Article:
Cape Town - Listening to Proteas batting coach Jacques Kallis during the second Test against England at Newlands, there were strong suggestions that an international debut was not too far away for Keegan Petersen.
The highly-rated 26-year-old was called up to the squad following an injury to Aiden Markram after the first Test at Centurion, but that slot naturally went to specialist opener Pieter Malan for Cape Town.
Petersen was the only player in the squad not sent back to his franchise that week, instead spending time with Kallis in the Newlands nets as the Proteas fell to a series-levelling 189-run loss late on day five.
"He's keen to spend time in the middle and no doubt he is going to get a lot of runs going forward," Kallis said during that Test.
If Petersen does get his chance, it is likely to come at No 3 where another promising youngster in the form of 24-year-old Zubayr Hamza is trying to find his feet in Proteas whites.
Hamza has just four Tests to his name since debuting against Pakistan last January and he has displayed strong signs of possessing the ingredients to be a serious player at this level.
His knock of 62 in the first-innings of a losing cause against India in Ranchi in September was considered a breakthrough moment. The Proteas were skittled for 162 that day, but Hamza showed courage in abundance against the Indian spin machine, carving out 10 boundaries and hitting a six in a positive 79-ball stay at the crease.
Then, on Boxing Day, Hamza looked to be in sublime touch for 39, with his cover driving and off-side play in general drawing 'oohs' and 'aahs' from the SuperSport Park crowd.
It was another reminder of Hamza's undeniable talent, but also a reminder that constant concentration is paramount at this level.
Scores of 4, 5 and 18 have followed in the series and now Hamza goes into the third Test in Port Elizabeth in need of a telling contribution.
He is, of course, currently batting in the No 3 position that was occupied by the mighty Hashim Amla in 107 of his 124 Test matches at an average of just under 50.
Those are big shoes to fill, but the Proteas are looking for somebody to make the position their own in this new-look, largely inexperienced top order.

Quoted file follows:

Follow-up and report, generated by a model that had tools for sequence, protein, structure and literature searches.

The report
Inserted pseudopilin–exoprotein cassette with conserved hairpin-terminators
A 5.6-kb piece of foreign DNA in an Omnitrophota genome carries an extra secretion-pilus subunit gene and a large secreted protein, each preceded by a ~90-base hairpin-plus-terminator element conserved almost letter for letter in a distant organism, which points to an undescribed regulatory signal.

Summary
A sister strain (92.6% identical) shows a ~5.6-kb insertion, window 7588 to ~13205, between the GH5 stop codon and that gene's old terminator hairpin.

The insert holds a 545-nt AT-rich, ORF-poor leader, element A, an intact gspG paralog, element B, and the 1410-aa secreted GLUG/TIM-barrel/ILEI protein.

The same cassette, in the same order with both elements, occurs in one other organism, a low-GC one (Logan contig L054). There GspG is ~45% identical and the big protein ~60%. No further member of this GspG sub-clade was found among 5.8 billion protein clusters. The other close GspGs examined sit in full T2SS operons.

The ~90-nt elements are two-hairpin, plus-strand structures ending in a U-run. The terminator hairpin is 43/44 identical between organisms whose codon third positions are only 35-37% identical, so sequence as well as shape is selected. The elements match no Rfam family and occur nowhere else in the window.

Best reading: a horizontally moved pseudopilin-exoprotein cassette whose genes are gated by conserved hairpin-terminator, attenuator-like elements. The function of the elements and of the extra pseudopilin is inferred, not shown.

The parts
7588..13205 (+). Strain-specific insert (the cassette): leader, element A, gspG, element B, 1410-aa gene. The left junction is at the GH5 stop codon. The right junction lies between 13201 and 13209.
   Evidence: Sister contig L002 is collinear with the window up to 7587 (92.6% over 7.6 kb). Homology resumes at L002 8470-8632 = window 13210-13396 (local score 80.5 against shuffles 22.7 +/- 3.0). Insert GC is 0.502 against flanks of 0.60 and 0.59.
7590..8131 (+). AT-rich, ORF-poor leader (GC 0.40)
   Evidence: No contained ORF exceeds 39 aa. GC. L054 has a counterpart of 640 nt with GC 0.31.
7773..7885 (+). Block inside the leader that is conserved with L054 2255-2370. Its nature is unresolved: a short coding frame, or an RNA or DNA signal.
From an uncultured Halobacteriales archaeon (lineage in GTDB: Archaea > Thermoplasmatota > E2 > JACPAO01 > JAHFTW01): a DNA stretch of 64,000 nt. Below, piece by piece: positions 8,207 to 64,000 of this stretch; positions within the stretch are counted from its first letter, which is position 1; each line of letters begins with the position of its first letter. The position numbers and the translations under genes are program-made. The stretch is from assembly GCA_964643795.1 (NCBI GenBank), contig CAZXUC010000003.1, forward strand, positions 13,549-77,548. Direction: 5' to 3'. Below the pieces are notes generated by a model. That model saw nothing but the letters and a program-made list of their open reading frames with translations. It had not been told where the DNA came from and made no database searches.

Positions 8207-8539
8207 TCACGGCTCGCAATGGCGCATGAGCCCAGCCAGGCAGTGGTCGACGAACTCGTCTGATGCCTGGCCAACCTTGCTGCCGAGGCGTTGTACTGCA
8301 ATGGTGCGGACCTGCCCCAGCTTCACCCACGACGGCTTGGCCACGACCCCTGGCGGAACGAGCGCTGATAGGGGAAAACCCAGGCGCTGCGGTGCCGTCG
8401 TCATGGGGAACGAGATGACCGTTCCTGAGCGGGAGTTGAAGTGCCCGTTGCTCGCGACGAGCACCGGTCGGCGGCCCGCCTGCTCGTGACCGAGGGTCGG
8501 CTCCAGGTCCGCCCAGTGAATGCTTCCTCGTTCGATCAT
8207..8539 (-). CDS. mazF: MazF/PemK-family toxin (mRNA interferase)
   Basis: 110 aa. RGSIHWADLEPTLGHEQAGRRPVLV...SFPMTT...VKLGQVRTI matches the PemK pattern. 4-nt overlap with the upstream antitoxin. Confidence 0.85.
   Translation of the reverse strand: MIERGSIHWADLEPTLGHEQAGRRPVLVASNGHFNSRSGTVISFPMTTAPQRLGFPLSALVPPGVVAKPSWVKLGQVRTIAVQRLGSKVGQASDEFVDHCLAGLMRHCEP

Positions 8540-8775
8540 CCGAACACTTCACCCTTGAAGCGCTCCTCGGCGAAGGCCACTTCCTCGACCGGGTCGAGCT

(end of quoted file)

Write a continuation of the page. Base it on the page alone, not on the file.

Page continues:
"Yes, it's a tough position to bat in, but I've batted domestically in that position for the past couple of seasons and as much as I'm trying to make it my own, I'm also learning and adapting as soon as I can," Hamza told media in PE on Tuesday.
"It's the highest level, so there is always going to be a difference between where you're coming from and where you are at the moment."
Learning on the job is far from ideal, but Hamza has received backing from coach Mark Boucher to not get discouraged when he fails. For Hamza, Test cricket is quickly becoming about key decision making, and that is where he wants to improve sooner rather than later.
"I think the issue is trying to find the balance and that is when the tough part comes in," he said.
"It's about batting time, but also you can take the game away from the opposition batting at No 3. If I can find that balance, then I think I'll do well.
"It's just about backing your decision in the middle. If a ball comes at you, you can be stuck between defence and blocking out a day's play, but usually that ball you'd end up hitting for four or six.
"It's about clinical and backing your decision at that specific moment ... that was kind of our downfall in the last Test."
Petersen, meanwhile, is back with the Knights this week and he scored 45 in his side's first-innings against the Warriors on Tuesday.
For now, the opportunity to be South Africa's Test No 3 for years to come lies with Hamza.
Play on Thursday starts at 10:00.